Nonfiction > Lionel Strachey, et al., eds. > The World’s Wit and Humor > German
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The World’s Wit and Humor: An Encyclopedia in 15 Volumes.  1906.
Vol. XII: German
 
The Golden Horseshoes
By Eulenspiegel’s Pranks (Current in the 15th Century)
 
Murner’s Version

EULENSPIEGEL came to the court of the King of Denmark, who liked him well, and said that if he would make him some diversion, then might he have the best of shoes for his horse’s hoofs. Eulenspiegel asked the king if he was minded to keep his word well and truly, and the king did answer most solemnly, “Yes.”
  1
  Now did Eulenspiegel ride his horse to a goldsmith, by whom he suffered to be beaten upon the horse’s hoofs shoes of gold with silver nails. This done, Eulenspiegel went to the king, that the king might send his treasurer to pay for the shoeing. The treasurer believed he should pay a blacksmith, but Eulenspiegel conducted him to the goldsmith, who did require and demand one hundred Danish marks. This would the treasurer not pay, but went and told his master.  2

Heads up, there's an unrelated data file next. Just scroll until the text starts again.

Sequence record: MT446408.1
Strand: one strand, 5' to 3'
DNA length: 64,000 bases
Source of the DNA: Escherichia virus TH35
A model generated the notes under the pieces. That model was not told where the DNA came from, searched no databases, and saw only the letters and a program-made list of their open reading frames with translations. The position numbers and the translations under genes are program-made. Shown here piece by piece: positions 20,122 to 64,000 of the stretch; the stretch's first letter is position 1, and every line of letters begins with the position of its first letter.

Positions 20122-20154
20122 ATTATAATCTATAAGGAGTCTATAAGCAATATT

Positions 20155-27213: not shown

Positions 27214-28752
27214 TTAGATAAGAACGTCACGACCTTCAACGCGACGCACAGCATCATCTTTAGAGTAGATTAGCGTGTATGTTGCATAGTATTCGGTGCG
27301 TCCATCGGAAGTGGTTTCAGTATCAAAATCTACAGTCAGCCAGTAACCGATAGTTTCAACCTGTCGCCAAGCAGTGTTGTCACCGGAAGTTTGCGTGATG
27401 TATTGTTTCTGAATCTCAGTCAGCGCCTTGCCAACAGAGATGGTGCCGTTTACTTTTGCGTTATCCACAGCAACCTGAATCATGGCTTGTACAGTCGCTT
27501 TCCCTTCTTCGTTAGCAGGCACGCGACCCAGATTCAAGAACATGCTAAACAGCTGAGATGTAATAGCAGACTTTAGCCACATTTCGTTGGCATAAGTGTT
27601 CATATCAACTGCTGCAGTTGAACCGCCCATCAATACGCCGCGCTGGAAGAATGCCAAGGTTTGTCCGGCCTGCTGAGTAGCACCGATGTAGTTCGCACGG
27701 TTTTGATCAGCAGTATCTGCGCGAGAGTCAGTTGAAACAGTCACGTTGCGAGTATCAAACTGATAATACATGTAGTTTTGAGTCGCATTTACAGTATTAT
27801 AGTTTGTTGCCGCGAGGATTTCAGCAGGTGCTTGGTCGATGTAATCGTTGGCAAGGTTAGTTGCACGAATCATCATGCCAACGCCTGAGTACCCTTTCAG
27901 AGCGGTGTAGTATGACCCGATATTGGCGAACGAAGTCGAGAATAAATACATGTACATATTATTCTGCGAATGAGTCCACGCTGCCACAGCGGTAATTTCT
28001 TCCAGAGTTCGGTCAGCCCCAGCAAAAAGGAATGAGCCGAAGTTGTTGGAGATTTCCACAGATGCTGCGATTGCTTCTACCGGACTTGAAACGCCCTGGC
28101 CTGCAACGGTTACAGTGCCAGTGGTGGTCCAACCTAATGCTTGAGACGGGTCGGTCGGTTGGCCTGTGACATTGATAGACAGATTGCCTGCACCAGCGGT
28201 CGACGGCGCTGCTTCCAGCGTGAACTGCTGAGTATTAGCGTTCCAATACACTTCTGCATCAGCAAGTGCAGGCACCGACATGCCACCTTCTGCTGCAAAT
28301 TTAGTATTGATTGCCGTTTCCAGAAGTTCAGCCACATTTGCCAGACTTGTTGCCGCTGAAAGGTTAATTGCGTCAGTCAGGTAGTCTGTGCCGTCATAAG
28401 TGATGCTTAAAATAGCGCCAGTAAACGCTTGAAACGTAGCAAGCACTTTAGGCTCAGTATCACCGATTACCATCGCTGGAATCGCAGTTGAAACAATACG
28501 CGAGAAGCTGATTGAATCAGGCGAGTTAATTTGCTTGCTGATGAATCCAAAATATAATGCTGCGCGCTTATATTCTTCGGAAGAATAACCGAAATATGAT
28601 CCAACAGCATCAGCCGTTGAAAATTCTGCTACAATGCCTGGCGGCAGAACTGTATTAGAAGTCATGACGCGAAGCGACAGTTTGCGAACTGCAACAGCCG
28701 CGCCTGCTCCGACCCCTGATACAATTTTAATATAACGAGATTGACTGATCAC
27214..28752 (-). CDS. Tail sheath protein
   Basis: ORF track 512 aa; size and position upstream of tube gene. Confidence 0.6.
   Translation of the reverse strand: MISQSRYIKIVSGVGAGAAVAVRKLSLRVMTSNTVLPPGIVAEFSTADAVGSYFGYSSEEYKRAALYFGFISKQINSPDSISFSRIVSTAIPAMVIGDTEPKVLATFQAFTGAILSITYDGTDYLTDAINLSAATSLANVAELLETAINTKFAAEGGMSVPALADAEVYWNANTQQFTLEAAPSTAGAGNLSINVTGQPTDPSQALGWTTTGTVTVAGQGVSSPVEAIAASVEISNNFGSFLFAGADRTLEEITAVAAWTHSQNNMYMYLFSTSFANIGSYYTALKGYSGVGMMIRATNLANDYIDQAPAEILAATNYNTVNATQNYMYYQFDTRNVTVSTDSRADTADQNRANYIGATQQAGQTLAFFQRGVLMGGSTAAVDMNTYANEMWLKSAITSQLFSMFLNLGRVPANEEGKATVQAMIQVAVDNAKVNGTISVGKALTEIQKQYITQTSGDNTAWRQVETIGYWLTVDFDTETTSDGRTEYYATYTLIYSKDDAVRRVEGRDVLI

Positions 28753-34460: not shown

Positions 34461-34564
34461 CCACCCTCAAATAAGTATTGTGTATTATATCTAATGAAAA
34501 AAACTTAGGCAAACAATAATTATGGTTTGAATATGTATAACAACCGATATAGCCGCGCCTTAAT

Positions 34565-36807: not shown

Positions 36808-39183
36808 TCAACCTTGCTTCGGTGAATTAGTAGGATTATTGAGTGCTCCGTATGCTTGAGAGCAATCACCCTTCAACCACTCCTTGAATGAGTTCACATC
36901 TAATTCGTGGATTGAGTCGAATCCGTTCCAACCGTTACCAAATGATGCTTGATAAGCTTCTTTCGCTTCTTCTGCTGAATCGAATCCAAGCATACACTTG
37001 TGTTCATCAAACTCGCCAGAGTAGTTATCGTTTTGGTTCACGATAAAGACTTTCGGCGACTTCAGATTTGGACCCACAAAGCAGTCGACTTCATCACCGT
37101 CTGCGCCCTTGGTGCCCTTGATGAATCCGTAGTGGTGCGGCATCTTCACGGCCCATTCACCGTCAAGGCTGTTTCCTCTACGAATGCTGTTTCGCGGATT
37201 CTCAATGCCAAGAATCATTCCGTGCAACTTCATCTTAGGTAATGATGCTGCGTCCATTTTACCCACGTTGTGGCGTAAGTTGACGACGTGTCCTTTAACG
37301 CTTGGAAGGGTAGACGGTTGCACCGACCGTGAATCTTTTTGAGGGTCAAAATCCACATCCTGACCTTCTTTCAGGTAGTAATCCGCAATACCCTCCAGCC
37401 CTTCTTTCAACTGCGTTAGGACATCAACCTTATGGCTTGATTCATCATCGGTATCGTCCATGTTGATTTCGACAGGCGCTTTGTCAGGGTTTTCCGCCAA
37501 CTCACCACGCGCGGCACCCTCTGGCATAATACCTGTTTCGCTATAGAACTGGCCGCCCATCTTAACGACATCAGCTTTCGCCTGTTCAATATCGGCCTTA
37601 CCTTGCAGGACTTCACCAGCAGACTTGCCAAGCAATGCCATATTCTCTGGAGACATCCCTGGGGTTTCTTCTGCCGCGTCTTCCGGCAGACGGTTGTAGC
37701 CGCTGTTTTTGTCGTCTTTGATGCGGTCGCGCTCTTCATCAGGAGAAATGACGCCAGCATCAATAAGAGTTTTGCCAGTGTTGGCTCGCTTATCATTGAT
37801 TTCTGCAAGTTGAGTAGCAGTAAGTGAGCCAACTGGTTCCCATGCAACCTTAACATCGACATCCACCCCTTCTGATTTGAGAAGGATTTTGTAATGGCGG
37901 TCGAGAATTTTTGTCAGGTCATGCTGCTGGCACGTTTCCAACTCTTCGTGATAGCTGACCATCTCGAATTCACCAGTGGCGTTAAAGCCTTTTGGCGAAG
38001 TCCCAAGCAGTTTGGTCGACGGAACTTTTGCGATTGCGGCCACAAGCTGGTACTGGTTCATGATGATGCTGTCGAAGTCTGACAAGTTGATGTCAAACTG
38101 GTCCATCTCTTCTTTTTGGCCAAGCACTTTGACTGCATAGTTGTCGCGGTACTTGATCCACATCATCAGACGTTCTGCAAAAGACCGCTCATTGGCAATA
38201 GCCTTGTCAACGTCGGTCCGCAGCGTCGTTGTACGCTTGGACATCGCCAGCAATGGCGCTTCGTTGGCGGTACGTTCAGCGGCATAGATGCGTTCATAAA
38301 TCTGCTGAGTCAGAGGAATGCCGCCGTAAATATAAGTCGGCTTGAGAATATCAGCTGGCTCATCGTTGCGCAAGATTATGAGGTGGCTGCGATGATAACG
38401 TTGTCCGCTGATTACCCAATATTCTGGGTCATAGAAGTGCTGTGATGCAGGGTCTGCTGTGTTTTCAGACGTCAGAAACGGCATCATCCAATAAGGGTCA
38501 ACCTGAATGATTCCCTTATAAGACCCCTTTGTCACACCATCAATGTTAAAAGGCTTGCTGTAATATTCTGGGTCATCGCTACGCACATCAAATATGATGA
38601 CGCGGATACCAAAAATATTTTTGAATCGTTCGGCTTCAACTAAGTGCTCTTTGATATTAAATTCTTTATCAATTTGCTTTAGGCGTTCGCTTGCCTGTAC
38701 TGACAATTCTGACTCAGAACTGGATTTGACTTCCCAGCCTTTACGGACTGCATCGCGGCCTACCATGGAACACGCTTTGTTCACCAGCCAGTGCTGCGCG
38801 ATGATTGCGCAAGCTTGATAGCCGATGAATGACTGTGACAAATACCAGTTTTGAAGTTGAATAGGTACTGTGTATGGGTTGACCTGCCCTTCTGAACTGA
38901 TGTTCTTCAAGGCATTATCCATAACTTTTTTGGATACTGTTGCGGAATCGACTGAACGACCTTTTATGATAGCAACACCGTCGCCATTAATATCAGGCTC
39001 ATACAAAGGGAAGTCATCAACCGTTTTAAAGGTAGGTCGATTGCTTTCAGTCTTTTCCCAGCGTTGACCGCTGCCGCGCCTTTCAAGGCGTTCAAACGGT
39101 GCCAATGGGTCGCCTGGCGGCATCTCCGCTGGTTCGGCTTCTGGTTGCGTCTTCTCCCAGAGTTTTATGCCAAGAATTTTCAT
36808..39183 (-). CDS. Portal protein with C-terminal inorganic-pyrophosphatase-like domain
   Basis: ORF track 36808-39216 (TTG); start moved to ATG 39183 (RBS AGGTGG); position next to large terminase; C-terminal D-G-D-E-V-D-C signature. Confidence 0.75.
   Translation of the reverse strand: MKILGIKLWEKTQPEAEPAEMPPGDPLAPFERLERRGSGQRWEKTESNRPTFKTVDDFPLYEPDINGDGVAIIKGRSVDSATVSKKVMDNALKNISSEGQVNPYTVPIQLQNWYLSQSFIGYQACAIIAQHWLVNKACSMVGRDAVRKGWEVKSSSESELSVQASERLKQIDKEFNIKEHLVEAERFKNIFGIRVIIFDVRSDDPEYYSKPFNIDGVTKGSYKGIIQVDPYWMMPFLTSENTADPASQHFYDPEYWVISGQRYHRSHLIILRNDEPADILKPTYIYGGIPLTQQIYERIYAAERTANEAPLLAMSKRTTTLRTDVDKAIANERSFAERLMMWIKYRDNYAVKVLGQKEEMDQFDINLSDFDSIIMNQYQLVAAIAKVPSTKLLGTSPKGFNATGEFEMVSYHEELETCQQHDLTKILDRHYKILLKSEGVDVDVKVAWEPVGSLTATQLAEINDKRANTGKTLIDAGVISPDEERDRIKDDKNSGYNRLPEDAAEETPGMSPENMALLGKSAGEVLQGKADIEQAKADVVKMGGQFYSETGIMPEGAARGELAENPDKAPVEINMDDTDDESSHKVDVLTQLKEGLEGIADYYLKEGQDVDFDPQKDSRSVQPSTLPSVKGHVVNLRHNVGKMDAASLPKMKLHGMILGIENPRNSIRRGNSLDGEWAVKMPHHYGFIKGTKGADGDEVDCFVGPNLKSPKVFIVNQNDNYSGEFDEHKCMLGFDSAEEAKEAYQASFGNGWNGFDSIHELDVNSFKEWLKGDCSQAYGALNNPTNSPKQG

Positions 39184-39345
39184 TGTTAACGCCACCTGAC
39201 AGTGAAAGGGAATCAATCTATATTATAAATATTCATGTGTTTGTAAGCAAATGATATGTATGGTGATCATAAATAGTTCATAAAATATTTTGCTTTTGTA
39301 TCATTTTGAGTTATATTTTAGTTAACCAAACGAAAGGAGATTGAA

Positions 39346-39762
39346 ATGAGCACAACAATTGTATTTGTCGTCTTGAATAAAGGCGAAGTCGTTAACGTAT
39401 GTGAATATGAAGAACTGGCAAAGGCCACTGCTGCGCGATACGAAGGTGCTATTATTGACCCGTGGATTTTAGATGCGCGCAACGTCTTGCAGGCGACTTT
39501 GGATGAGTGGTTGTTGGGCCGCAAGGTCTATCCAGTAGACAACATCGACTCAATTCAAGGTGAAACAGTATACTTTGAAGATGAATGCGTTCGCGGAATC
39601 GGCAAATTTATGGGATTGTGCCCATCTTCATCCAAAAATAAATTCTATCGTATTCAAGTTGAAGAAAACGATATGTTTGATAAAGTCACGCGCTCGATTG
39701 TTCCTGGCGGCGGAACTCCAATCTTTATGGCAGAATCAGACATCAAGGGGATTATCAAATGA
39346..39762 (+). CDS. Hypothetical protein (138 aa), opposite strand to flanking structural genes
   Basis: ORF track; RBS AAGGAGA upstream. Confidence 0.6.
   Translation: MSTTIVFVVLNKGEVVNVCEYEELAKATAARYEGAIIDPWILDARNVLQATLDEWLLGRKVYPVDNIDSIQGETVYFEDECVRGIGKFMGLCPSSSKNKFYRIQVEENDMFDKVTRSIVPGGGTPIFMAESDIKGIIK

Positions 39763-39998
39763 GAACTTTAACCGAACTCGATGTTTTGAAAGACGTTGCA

Therefore the king caused Eulenspiegel to be summoned into his presence, and spoke to him:  3
  “Eulenspiegel, why did you have such costly shoes? Were I to shoe all my horses thus, soon would I be without land or any possessions.”  4
  To which Eulenspiegel did make reply:  5
  “Gracious King, you did promise me the best of shoes for my horse’s hoofs, and I did think the best were of gold.”  6
  Then the king laughed:  7
  “You shall be of my court, for you act upon my very word.”  8
  And the king commanded his treasurer to pay the hundred marks for the horse’s golden shoes. But these Eulenspiegel caused to be taken off, and iron shoes put on in their stead; and he remained many a long day in the service of the King of Denmark.  9
 
 
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